44. 44. DEPT5
  45. 45. DEPT-90, DEPT-135 Distortionless Enhancement by Polarization Transfer • Preferred procedure for determining # protons attached to carbons • Variable proton pulse angle q is set at 90o and 135o • In DEPT-90, only CH shows. In DEPT-135, CH2’s are phased down, CH and CH3 are phased up
  46. 46. DEPT: Distortionless Enhancement by Polarization Transfer Heteronuclear expt. Detection: 13C Distinguish CH, CH2, CH3 By suitable combination of q=45, 90 & 135 spectra All CH’s Only CH CH & CH3up CH2 down
  47. 47. Adjustment of 1H pulse angle Avoids overlapping multiplets CH CH2 CH3
  48. 48. 2-Heptanone, CPD and DEPT-35
  49. 49. 6-Methyl-5-hepten-2-ol Standard CPD Spectrum
  50. 50. DEPT-90 DEPT-135 OH
  51. 51. O CH3 DEPT-135 DEPT-90
  52. 52. < >
  53. 53. Ipsenol CPD, DEPT-135, DEPT 90 7 6 2 5 3 4 1 9 8,10
  54. 54. 2D NOESY6
  55. 55. Nuclear Overhauser effect spectroscopy (NOESY)In NOESY, the Nuclear Overhauser cross relaxation between nuclear spins during the mixing period is used to establish the correlations. The spectrum obtained is similar to COSY, with diagonal peaks and cross peaks, however the cross peaks connect resonances from nuclei that are spatially close rather than those that are through-bond coupled to each other. NOESY spectra also contain extra axial peaks which do not provide extra information and can be eliminated through a different experiment by reversing the phase of the first pulse. One application of NOESY is in the study of large biomolecules such as in protein NMR, which can often be assigned using sequential walking. The NOESY experiment can also be performed in a one-dimensional fashion by pre-selecting individual resonances. The spectra are read with the pre-selected nuclei giving a large, negative signal while neighboring nuclei are identified by weaker, positive signals. This only reveals which peaks have measurable NOEs to the resonance of interest but takes much less time than the full 2D experiment. In addition, if a pre-selected nucleus changes environment within the time scale of the experiment, multiple negative signals may be observed. This offers exchange information similar to the EXSY (exchange spectroscopy) NMR method. NOESY experiment is important tool to identify stereochemistry of a molecule in solvent whereas single crystal XRD used to identify stereochemistry of a molecule in solid form.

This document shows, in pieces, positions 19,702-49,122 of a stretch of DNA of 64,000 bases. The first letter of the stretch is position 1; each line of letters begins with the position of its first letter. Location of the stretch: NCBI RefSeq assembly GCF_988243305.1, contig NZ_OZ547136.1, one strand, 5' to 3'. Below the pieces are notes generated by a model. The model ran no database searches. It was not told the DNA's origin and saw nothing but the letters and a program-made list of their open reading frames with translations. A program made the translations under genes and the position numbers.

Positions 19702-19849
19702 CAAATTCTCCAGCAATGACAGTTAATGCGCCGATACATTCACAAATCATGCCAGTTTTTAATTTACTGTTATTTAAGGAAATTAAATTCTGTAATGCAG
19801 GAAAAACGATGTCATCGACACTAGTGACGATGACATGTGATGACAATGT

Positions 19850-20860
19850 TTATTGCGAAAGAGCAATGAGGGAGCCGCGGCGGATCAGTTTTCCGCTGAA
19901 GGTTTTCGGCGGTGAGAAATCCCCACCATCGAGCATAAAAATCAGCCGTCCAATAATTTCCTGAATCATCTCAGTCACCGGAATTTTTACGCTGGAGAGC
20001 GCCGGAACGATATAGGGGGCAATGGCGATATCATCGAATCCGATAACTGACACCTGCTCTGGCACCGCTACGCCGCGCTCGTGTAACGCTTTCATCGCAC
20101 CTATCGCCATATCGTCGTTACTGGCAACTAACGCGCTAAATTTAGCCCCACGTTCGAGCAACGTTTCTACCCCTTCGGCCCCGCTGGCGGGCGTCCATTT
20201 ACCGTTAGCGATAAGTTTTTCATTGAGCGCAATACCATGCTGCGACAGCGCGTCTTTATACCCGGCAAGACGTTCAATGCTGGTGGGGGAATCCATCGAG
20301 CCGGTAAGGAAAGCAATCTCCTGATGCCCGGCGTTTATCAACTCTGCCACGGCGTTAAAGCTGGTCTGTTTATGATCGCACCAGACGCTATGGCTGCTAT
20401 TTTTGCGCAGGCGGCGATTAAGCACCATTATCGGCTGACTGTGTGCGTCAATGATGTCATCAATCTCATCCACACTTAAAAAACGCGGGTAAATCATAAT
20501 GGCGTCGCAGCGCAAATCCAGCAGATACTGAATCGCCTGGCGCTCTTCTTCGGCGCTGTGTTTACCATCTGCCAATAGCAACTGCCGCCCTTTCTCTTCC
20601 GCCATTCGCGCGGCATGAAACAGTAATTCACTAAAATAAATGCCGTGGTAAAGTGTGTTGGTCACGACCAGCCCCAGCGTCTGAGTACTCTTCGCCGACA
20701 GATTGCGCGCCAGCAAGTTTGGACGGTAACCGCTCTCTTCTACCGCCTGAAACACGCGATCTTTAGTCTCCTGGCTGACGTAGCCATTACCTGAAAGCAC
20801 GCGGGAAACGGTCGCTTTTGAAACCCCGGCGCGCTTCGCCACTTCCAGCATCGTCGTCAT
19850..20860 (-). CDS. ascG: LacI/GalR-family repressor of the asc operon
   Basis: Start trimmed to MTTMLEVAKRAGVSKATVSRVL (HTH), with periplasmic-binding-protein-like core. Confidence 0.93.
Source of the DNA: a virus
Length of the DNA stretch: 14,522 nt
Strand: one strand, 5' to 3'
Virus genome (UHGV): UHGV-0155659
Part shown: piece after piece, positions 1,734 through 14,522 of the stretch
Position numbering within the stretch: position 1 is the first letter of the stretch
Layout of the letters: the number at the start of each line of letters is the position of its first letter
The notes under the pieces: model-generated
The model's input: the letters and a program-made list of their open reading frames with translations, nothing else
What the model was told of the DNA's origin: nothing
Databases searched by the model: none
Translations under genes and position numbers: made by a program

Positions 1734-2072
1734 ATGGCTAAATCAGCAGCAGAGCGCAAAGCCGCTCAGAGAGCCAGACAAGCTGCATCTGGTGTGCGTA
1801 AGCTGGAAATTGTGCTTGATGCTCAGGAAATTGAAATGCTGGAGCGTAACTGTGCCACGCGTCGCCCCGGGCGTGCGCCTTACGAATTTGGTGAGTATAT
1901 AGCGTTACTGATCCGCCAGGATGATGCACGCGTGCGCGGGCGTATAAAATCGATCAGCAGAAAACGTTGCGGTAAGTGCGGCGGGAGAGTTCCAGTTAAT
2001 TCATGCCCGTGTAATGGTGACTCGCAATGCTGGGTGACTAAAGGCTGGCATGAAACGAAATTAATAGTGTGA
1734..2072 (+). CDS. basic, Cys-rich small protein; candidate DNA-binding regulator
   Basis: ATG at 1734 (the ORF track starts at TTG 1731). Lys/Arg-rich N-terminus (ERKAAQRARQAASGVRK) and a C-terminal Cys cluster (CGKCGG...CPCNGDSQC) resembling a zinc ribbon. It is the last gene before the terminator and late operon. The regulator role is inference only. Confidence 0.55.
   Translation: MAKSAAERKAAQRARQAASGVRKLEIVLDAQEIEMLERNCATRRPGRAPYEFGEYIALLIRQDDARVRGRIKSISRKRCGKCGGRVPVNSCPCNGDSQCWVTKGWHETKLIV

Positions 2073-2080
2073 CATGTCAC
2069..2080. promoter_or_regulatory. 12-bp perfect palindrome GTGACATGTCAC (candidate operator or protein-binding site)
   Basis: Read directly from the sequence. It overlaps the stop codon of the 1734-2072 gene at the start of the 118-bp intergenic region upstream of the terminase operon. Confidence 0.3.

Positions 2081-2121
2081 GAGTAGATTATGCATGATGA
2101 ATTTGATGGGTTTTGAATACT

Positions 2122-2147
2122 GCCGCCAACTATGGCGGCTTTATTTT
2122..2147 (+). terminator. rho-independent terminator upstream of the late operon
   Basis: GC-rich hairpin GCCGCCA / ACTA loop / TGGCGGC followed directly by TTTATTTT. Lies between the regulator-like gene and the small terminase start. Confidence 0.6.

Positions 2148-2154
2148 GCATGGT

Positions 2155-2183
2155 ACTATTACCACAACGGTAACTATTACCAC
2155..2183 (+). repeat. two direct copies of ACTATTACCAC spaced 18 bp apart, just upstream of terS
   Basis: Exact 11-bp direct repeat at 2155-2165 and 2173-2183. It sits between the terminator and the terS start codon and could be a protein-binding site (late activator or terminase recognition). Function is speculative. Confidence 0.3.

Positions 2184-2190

56. 56. 2D NOESY (Nuclear Overhauser Enhancements SpectroscopY) t1 m AQ The NOESY pulse sequence. —C — ~ —C — Ha Hb VC*r -6, r0.5nm r0.5nm For resonance assignment, chemical structure elucidation & 3D structure determination t2
  57. 57. ppm 3.54.04.55.05.56.06.57.07.5 ppm 3.5 4.0 4.5 5.0 5.5 6.0 6.5 7.0 7.5 8.0 Current Data Parameters NAME cfynoesy EXPNO 1 PROCNO 1 F2 - Acquisition Parameters Date_ 20001103 Time 8.53 INSTRUM DRX500 PROBHD 5 mm TBI 1H/ PULPROG noesygptp TD 1024 SOLVENT CDCl3 NS 8 DS 16 SWH 3443.526 Hz FIDRES 3.362818 Hz AQ 0.1488800 sec RG 64 DW 145.200 usec DE 6.00 usec TE 288.0 K D0 0.00000300 sec D1 1.60000002 sec D8 0.40000001 sec D16 0.00010000 sec d20 0.19890000 sec IN0 0.00014520 sec ============ CHANNEL f1 ============= NUC1 1H P1 6.00 usec P2 12.00 usec PL1 -4.00 dB SFO1 500.1326379 MHz ============ GRADIENT CHANNEL ======== GPNAM1 sine.100 GPNAM2 sine.100 GPX1 0.00 % GPX2 0.00 % GPY1 0.00 % GPY2 0.00 % GPZ1 40.00 % GPZ2 -40.00 % P16 1000.00 usec F1 - Acquisition parameters ND0 2 TD 256 SFO1 500.1326 MHz FIDRES 13.451274 Hz SW 6.885 ppm FnMODE undefined F2 - Processing parameters SI 1024 SF 500.1300144 MHz WDW SINE SSB 2 LB 0.00 Hz GB 0 PC 0.20 F1 - Processing parameters SI 1024 MC2 TPPI SF 500.1300144 MHz WDW SINE SSB 2 LB 0.00 Hz GB 0 N N N N O O CH3 CH3 H3C H 1 3 5 2 8 7 6 4 3-CH3, 5-H Gradient NOESY
  58. 58. NOESY gives sequential assignment of peptides 21 2 3 CH2 CH2N C H N O H C C H CH2O N H C CH2 C H OH O 1 321
  59. 59. 2D ROESY7
  60. 60. Rotating frame nuclear Overhauser effect spectroscopy (ROESY) • ROESY is similar to NOESY, except that the initial state is different. Instead of observing cross relaxation from an initial state of z-magnetization, the equilibrium magnetization is rotated onto the x axis and then spin-locked by an external magnetic field so that it cannot precess. This method is useful for certain molecules whose rotational correlation time falls in a range where the Nuclear Overhauser effect is too weak to be detectable, usually molecules with a molecular weight around 1000 daltons, because ROESY has a different dependence between the correlation time and the cross-relaxation rate constant. In NOESY the cross-relaxation rate constant goes from positive to negative as the correlation time increases, giving a range where it is near zero, whereas in ROESY the cross-relaxation rate constant is always positive. • ROESY is sometimes called "cross relaxation appropriate for minimolecules emulated by locked spins" (CAMELSPIN)
  61. 61. Spin-lock 90° t1 t2 2D ROESY pulse program For small molecule NOE can be very small or zero, ROESY can be used in place of NOESY experiment. ROE intensity is also related to the H-H distances. mixing time
  62. 62. 2D ROESY spectrum of ethylbenzene
  63. 63. Structure of 12,14- ditbutylbenzo[g]chrysene showing color conding of rings
  64. 64. Aromatic region of the 2D ROESY spectrum of 12,14- ditbutylbenzo[g]chrysene showing connectivity and separation into four color-coded proton groups
  65. 65. CASE STUDY ..ASPIRIN1
  66. 66. 1 H-NMR spectrum of acetylsalicylic acid
  67. 67. H, H-COSY spectrum of acetylsalicylic acid
  68. 68. THANK YOU!